So what are they going to be looking for in 13 years? So we’re producing employees that are consistently behind what the companies are actually looking for. And we’re producing employees. We’re not producing employers. And anybody that shows a proficiency toward leadership gets pulled out and put into special leadership programs, into AP programs, into whatever. But what isn’t being taught is if somebody just wants to live a normal life. 

Okay. I want to be able to be a homeowner. I want to be able to have a family and provide for them without having to have a two-income household. 

I want to be able to provide for my family without having to make $300,000 a year because we’re trying to keep up with the Kardashians. Because that’s what’s promoted as “successful” nowadays.

Katie J., The State of Education Podcast, 6/13/23.

Don’t assume that the school is providing all these experiences in their education system. So try to incorporate whenever you can some of the things that we talked about and just again, it doesn’t have to be crazy. Start small, just in your normal thing, think about, like, what do I do every day that my adult child is going to be able to do and just include them in that and talk about it. Like you said, who cares if you look like a crazy person? You gotta talk about what you’re doing so they know. And yeah, I mean, it doesn’t have to take a ton of extra time unless you want it to and you want to plan something more elaborate.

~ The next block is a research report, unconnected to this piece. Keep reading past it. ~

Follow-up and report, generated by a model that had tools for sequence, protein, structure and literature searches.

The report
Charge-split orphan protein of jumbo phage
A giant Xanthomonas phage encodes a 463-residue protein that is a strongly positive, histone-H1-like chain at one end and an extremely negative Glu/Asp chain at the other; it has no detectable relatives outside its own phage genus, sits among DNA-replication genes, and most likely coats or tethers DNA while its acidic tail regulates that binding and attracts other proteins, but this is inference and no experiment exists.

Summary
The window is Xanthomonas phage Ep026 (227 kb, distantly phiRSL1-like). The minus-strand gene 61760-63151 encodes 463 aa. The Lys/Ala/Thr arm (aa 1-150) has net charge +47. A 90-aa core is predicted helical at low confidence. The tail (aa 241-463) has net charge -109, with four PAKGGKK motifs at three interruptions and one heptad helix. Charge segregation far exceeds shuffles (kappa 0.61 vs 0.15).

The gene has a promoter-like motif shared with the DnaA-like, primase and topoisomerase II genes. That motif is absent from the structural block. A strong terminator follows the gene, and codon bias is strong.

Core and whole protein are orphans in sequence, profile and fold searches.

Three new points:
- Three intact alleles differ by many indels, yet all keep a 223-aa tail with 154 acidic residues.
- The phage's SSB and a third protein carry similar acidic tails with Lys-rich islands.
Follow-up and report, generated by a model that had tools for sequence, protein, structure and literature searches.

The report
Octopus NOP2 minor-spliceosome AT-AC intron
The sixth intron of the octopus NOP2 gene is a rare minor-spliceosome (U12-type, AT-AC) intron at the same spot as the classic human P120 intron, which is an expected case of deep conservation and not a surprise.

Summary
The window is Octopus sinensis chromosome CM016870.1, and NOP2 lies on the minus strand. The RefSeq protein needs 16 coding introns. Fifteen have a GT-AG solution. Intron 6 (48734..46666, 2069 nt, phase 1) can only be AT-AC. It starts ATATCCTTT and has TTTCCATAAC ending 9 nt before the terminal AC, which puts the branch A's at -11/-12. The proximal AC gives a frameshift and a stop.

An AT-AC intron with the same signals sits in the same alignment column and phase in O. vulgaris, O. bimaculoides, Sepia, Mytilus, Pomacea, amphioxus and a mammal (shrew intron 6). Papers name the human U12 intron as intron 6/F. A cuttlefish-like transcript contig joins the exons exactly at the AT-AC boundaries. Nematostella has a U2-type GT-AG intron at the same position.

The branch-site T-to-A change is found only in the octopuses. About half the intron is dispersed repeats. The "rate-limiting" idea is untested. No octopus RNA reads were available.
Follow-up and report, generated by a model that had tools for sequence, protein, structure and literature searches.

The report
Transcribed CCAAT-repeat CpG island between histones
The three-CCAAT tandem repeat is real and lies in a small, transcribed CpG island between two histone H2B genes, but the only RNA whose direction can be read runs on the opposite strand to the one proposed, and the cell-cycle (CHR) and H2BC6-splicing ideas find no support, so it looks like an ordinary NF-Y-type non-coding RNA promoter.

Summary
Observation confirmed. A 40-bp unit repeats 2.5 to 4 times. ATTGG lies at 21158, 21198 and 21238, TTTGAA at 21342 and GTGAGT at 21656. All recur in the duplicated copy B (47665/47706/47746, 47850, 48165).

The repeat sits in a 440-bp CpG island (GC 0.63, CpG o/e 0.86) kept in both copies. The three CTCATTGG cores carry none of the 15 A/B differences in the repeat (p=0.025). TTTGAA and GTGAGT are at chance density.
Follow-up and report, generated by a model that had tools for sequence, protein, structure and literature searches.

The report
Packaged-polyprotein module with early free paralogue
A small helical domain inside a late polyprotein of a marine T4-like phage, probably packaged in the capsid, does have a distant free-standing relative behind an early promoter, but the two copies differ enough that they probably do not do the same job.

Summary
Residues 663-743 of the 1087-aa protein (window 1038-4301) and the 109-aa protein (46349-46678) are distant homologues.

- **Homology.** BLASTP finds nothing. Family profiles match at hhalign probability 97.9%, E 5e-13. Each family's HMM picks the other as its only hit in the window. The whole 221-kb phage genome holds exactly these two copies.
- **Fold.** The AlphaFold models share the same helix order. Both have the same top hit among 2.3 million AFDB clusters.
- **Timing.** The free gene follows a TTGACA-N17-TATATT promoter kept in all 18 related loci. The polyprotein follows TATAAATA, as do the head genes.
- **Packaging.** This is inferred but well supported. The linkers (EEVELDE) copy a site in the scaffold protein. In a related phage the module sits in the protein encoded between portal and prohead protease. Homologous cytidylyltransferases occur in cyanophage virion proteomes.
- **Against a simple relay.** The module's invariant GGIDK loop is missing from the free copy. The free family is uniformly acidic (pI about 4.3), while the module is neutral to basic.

But I would say start small so it’s not overwhelming. And yeah, just think of skills that they’re gonna need when they’re not in school. Because I feel like, if you think about it, school is like I said, it’s school that makes you a good student so you can do well in school. But that’s not the ultimate life goal, right? Most of us are not gonna be in school forever.

And sometimes I’ll try to talk to parents about this too. Like, try to start thinking of that long-term mindset of, “What do I want my child to look like in 10 years? in 20 years? What do I want their life to look like?”

And start, you know, just setting small goals of what things you can do to work towards that. Because one day they’re not gonna be in school and so it’s not gonna be the classroom setting. So incorporating as many things outside of that because you’re already getting that in school. Anything outside of that that you can is gonna be super beneficial for them in the future.

Amanda, The State of Education Podcast, 6/13/23.